On 1 September 1957, at the age of 36, Brain was killed driving home to London after performing the Tchaikovsky Symphony No. 6, Pathetique with the Philharmonia under Eugene Ormandy at the Edinburgh Festival.[27] He had driven his Triumph TR2 sports car off the road and into a tree on the A1 road opposite the north gate of the De Havilland Aircraft factory at Hatfield.

Brain was interred at Hampstead Cemetery in London. His headstone is engraved with a passage from the "Declamation" section of Hindemith's Horn Concerto:

     My call transforms
     The hall to autumn-tinted groves
     What is into what
     Has been...[28]

One of Brain's favourite horns (by Alexander of Mainz: a single B-flat horn with an F extension as a tuning slide) was badly damaged in his fatal crash. It has since been restored by Paxman Brothers of London and is on public display in the York Gate Collections at the RAM.[29]

New works and commemorations[edit]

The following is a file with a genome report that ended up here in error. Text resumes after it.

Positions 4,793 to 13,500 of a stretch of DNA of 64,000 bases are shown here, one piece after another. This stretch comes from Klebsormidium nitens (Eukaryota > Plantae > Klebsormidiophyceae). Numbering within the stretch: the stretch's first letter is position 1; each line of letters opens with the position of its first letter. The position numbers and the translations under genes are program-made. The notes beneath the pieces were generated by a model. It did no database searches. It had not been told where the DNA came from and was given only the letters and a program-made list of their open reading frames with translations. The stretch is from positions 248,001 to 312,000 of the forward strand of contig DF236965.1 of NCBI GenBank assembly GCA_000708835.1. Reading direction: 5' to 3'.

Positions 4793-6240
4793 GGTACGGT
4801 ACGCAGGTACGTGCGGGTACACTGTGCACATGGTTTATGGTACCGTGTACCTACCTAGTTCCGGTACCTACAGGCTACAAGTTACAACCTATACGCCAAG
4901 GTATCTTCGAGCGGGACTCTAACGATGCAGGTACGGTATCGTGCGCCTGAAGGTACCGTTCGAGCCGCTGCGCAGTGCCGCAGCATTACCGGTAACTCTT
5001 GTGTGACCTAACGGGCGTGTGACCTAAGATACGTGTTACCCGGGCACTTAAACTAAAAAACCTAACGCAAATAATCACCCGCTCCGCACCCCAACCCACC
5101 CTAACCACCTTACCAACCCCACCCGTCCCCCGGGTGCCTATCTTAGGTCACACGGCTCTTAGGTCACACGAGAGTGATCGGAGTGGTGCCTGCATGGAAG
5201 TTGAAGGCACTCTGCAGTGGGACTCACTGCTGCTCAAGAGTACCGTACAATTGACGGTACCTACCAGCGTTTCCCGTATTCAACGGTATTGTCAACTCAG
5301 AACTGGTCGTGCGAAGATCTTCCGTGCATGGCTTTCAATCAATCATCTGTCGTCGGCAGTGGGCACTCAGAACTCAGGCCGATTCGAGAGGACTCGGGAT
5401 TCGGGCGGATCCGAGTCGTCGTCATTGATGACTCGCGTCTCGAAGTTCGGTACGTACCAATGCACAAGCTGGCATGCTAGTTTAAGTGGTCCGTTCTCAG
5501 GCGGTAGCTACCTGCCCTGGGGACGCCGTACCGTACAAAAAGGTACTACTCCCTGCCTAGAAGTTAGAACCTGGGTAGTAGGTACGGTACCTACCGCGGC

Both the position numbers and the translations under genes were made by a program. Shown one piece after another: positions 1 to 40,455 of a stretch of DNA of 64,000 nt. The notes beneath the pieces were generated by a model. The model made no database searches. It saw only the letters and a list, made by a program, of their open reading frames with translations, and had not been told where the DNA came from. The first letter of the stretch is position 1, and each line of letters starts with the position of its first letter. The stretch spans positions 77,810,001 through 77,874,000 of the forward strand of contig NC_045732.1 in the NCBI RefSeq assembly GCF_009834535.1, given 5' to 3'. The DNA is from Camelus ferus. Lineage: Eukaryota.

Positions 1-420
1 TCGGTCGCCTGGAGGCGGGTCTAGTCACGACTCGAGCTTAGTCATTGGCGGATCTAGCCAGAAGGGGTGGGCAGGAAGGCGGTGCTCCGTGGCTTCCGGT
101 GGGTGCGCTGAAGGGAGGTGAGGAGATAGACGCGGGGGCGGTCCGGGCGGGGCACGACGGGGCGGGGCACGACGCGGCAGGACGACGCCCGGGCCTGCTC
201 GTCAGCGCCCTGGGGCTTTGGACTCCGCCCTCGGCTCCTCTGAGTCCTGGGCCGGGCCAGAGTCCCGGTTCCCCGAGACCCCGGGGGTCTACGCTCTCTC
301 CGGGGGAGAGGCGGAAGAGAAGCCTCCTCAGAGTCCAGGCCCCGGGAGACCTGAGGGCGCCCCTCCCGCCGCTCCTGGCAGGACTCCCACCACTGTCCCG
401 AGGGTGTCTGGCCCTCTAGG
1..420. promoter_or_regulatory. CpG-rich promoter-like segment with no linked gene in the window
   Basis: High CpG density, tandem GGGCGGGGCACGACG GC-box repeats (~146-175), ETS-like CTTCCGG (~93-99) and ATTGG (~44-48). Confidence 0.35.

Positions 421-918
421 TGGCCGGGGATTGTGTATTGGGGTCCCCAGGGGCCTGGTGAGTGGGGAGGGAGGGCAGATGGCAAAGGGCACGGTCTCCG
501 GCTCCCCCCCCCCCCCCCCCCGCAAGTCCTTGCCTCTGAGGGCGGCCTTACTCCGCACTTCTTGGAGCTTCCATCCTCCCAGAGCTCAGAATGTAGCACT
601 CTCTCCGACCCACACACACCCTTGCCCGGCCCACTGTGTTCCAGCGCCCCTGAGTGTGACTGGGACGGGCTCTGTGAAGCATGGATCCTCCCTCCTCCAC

As well as the Serenade for Tenor, Horn and Strings, Britten wrote Canticle III: Still falls the rain with Brain in mind; Brain and Pears, accompanied by the composer, gave the first performance at a concert in 1955 in which Brain also premiered two pieces by Alan Bush.[30] Other composers who wrote for Brain were Malcolm Arnold (Horn Concerto No. 2),[31] Lennox Berkeley (Trio for Horn, Violin and Piano),[32] York Bowen (Concerto for Horn, Strings and Timpani),[33] Hindemith (Concerto for Horn and Orchestra),[34] Gordon Jacob (Concerto for Horn and String Orchestra),[35] Elisabeth Lutyens (Horn Concerto),[35] Humphrey Searle (Aubade for Horn and Strings),[36] Mátyás Seiber (Notturno for Horn and Strings),[37] and Ernest Tomlinson (Rhapsody and Rondo for Horn and Orchestra, Romance and Rondo for Horn and Orchestra).[38]